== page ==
Looking at the trajectory of capability development in the context of the 4+1 informs priorities for joint capability/acquisition development over the next 10-15 years. If the services build a force that reduces the challenges associated with the 4+1 today and in the future, Australia will possess a Joint Force responding to the uncertain operating environment, thereby resulting in a competitive advantage against any potential adversary. As such, the Australian Army requires a balanced inventory of joint capabilities allowing the services to deter and defeat potential adversaries across the full-range of military operations. With air power supplementing sea power and mobility again the essence of warfare, no region of the globe is too distant to be without strategic significance, nor too remote to be neglected in the calculations of power politics.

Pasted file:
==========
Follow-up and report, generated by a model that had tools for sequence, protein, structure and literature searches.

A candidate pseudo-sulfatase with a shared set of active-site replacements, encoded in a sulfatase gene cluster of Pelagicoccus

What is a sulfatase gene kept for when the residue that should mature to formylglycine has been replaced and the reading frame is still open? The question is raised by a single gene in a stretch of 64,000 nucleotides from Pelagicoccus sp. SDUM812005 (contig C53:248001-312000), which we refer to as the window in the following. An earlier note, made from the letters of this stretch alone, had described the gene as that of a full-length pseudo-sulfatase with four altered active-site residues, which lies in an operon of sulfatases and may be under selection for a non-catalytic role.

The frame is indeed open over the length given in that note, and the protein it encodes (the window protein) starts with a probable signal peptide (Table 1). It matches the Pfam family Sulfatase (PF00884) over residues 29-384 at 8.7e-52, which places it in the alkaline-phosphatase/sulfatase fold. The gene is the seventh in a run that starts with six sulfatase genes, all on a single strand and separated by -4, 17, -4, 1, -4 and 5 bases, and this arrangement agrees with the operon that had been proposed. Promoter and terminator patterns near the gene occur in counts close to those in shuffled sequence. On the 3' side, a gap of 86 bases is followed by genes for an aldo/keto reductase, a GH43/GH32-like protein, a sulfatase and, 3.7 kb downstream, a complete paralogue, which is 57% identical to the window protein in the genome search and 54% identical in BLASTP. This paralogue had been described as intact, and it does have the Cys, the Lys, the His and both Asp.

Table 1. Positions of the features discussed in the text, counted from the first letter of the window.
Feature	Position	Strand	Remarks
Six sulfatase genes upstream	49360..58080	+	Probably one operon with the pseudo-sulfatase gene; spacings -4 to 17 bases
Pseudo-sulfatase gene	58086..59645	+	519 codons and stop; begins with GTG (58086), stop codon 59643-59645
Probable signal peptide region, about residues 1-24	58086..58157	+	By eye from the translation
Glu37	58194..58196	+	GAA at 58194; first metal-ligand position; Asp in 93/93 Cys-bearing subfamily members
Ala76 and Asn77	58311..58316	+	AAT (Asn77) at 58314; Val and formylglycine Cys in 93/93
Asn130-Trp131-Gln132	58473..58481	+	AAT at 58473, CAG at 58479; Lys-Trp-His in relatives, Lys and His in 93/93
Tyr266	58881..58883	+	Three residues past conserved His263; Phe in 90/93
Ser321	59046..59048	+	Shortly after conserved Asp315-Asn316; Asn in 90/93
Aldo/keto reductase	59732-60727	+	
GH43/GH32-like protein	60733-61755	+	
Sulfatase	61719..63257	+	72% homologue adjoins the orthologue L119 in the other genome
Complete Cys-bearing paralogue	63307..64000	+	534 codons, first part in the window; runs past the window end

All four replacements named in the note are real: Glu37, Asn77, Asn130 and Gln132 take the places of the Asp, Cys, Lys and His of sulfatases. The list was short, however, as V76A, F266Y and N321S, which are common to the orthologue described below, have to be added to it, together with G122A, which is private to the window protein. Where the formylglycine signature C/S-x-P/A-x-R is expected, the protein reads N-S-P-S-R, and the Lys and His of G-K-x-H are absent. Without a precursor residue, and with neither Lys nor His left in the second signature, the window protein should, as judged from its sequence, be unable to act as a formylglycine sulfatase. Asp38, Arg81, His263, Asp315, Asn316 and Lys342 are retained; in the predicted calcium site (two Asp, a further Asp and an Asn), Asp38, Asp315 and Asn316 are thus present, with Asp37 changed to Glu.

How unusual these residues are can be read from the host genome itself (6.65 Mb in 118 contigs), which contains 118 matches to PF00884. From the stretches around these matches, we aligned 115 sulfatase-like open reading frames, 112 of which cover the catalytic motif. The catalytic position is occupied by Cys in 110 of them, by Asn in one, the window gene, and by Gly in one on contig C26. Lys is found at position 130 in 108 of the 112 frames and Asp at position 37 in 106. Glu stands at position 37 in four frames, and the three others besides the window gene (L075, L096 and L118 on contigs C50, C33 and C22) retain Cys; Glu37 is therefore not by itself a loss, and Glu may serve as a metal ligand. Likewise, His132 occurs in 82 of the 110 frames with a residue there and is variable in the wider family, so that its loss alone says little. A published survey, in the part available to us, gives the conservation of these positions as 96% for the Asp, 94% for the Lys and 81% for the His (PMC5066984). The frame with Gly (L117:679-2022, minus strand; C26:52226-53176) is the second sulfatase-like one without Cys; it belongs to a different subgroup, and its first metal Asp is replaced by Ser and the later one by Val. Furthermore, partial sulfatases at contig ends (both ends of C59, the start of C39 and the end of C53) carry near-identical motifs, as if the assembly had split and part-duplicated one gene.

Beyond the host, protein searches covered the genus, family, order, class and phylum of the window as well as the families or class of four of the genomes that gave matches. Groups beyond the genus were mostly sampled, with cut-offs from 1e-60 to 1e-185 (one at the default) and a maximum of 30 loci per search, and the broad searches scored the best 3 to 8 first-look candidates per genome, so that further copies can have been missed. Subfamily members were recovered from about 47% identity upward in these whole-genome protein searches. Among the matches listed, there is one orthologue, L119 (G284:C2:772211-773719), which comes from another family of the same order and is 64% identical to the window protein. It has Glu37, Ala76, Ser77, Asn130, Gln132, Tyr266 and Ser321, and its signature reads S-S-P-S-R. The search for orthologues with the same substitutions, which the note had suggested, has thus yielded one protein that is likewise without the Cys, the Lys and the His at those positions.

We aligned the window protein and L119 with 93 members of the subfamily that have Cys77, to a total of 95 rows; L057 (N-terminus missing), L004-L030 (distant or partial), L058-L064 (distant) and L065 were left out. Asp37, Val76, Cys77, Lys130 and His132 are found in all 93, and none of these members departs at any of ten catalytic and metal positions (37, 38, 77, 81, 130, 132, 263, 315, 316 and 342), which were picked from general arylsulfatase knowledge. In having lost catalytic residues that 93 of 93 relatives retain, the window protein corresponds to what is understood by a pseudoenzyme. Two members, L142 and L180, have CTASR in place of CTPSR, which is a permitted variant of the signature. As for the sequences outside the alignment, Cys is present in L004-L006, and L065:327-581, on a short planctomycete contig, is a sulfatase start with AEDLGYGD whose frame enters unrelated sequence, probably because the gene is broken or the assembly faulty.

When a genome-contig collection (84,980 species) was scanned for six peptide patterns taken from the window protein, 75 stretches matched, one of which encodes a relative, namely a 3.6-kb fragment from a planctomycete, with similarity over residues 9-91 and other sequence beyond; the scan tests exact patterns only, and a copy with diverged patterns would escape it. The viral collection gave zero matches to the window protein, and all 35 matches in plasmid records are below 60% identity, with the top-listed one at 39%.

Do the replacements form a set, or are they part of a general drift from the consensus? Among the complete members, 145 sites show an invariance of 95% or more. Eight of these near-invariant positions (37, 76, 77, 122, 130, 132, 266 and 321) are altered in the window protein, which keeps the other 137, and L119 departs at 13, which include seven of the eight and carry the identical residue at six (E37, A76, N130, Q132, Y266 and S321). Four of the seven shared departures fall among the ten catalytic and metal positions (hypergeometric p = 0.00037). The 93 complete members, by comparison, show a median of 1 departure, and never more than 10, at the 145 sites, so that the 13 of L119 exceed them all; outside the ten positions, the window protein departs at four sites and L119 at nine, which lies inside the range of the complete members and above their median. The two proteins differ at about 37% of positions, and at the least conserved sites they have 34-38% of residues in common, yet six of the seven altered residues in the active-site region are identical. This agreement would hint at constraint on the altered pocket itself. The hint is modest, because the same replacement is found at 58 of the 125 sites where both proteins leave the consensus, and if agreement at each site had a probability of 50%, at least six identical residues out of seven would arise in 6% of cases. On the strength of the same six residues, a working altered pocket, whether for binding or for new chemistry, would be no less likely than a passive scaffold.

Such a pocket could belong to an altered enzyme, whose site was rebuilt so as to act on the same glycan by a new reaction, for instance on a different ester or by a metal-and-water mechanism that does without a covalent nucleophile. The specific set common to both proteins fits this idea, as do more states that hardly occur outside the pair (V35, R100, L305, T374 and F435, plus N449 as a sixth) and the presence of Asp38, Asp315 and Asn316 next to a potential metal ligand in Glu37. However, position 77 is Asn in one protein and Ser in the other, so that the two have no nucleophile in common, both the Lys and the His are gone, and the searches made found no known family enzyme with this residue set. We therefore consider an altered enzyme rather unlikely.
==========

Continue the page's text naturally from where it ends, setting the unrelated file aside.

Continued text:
As a nation, Australia does not have the luxury of choosing between a force fighting the Islamic State of Iraq and the Levant intertwined with Asia-Pacific affiliates, and one deterring and defeating a peer competitor. Nor does Australia possess the opportunity of choosing between meeting current operational requirements and developing the capabilities required to meet the next 10-15 year’s forecasted obligations/theories. Not only will the pace and scope of future technologically advanced conflicts accelerate, but functional capabilities fielded by state and non-state actors will continually look for ways to harness inherent capabilities to exploit our vulnerabilities.